Naftali Bennett, Israel’s Minister of Economy and the head of the Jewish Home party, told a party meeting Monday that the claim that a two-state solution will benefit both the Palestinian Authority and Israel is a lie.
He labeled the “economic” track as another excuse to divide Israel. One of U.S. Secretary of State John Kerry’s selling points is a $4 billion package of goodies for his dream of a Palestinian Authority state alongside an Israel that would be less than half its size since the Six-Day War in 1967.
“A Palestinian state would destroy Israel’s economy,” Bennett said in an unusually aggressive speech that reflects his certainty that Kerry’s peace talk venture is headed to the same destination as its source – the cemetery where the peace process was buried more than three years ago.
Bennett pulled out a map of the “New Israel,” as originally proposed by the Saudi Initiative of 2002 and since adopted in principle by the United Nations and the United States..
“How will Israel’s economy look if a rocket will fall in …central Herzliya? [or] a missile brings down a plane at Ben Gurion Airport?” he asked.
He said that the peace talk promoters are using the economy like they once used “peace” and “demographics” as excuses to divide Jerusalem and separate Judea and Samaria from Israel.
Bennett is sounding more and more assured recently, and his sharp political antenna sense what foreign media and Israel’s anti-Netanyahu media refuse to acknowledge – that Kerry is headed for a crash landing.
He has made the same mistake as every wannabe peacemaker before him – George Mitchell, David Hale, Condoleezza Rice, Hillary Clinton and a host of others who will not be credited even in footnotes when historians look back ask what on Earth the United States was thinking when it thought it could change the Middle East into an extension of Foggy Bottom.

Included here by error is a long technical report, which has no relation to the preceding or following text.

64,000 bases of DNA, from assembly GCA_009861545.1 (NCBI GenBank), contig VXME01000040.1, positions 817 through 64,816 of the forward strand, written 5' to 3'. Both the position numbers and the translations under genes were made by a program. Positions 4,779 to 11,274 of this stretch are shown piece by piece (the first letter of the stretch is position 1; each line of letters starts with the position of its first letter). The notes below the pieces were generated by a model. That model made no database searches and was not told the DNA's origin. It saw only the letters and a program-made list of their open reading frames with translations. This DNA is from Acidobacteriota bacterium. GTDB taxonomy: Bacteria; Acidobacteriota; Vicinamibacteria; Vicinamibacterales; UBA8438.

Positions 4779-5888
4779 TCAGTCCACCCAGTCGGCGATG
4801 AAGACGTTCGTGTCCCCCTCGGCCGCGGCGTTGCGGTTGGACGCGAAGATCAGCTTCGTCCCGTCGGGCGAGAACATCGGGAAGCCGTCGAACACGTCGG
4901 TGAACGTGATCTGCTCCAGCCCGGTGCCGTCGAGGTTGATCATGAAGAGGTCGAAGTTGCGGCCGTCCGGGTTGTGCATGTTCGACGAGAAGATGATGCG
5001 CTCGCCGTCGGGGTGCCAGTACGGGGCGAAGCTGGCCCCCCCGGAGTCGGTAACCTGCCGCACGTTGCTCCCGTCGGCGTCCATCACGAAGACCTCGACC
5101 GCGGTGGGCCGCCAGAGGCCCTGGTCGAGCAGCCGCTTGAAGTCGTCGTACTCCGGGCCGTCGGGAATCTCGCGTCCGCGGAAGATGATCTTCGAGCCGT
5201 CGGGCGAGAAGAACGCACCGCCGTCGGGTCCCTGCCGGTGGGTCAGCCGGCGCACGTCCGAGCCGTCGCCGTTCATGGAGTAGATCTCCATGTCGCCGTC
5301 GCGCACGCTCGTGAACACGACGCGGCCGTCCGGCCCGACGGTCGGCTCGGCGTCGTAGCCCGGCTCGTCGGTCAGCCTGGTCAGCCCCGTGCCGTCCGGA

The funny thing it, and it really is sad, is that none of the Western do-gooders looked at the economies of Judea, Gaza and Samaria before and after 1967.
Egypt treated Arabs in Gaza as if they were on the moon, while Jordan at least acknowledged that Arabs in Judea and Samaria were on the same planet, but nothing more.
Growth was stagnant. Education was poor. Infrastructure remained undeveloped. Thanks to the Jordanian prohibition of Christians and Jews from visiting holy sites, tourism was miserable.
All of that changed in 1967. After the war, the Arabs in Judea, Gaza and Samaria were freed from the yoke of their Arab rulers. The entire region blossomed. Israelis flocked to the “occupied” territories to buy cheaper goods and produce.
Israel opened up all holy sites to all religions. Hundreds of thousands of Arabs, not yet called Palestinians, worked in Israel.
Yasser Arafat, born in Egypt, changed all of that.
Bennett should have brought out the graphs of the economy before and after Arafat to show how the Intifada destroyed the Palestinian Authority economy.
The next illogical step, as Bennett warned Monday, is to destroy the Israeli economy.
About the Author: Tzvi Ben Gedalyahu is a graduate in journalism and economics from The George Washington University. He has worked as a cub reporter in rural Virginia and as senior copy editor for major Canadian metropolitan dailies. Tzvi wrote for Arutz Sheva for several years before joining the Jewish Press.
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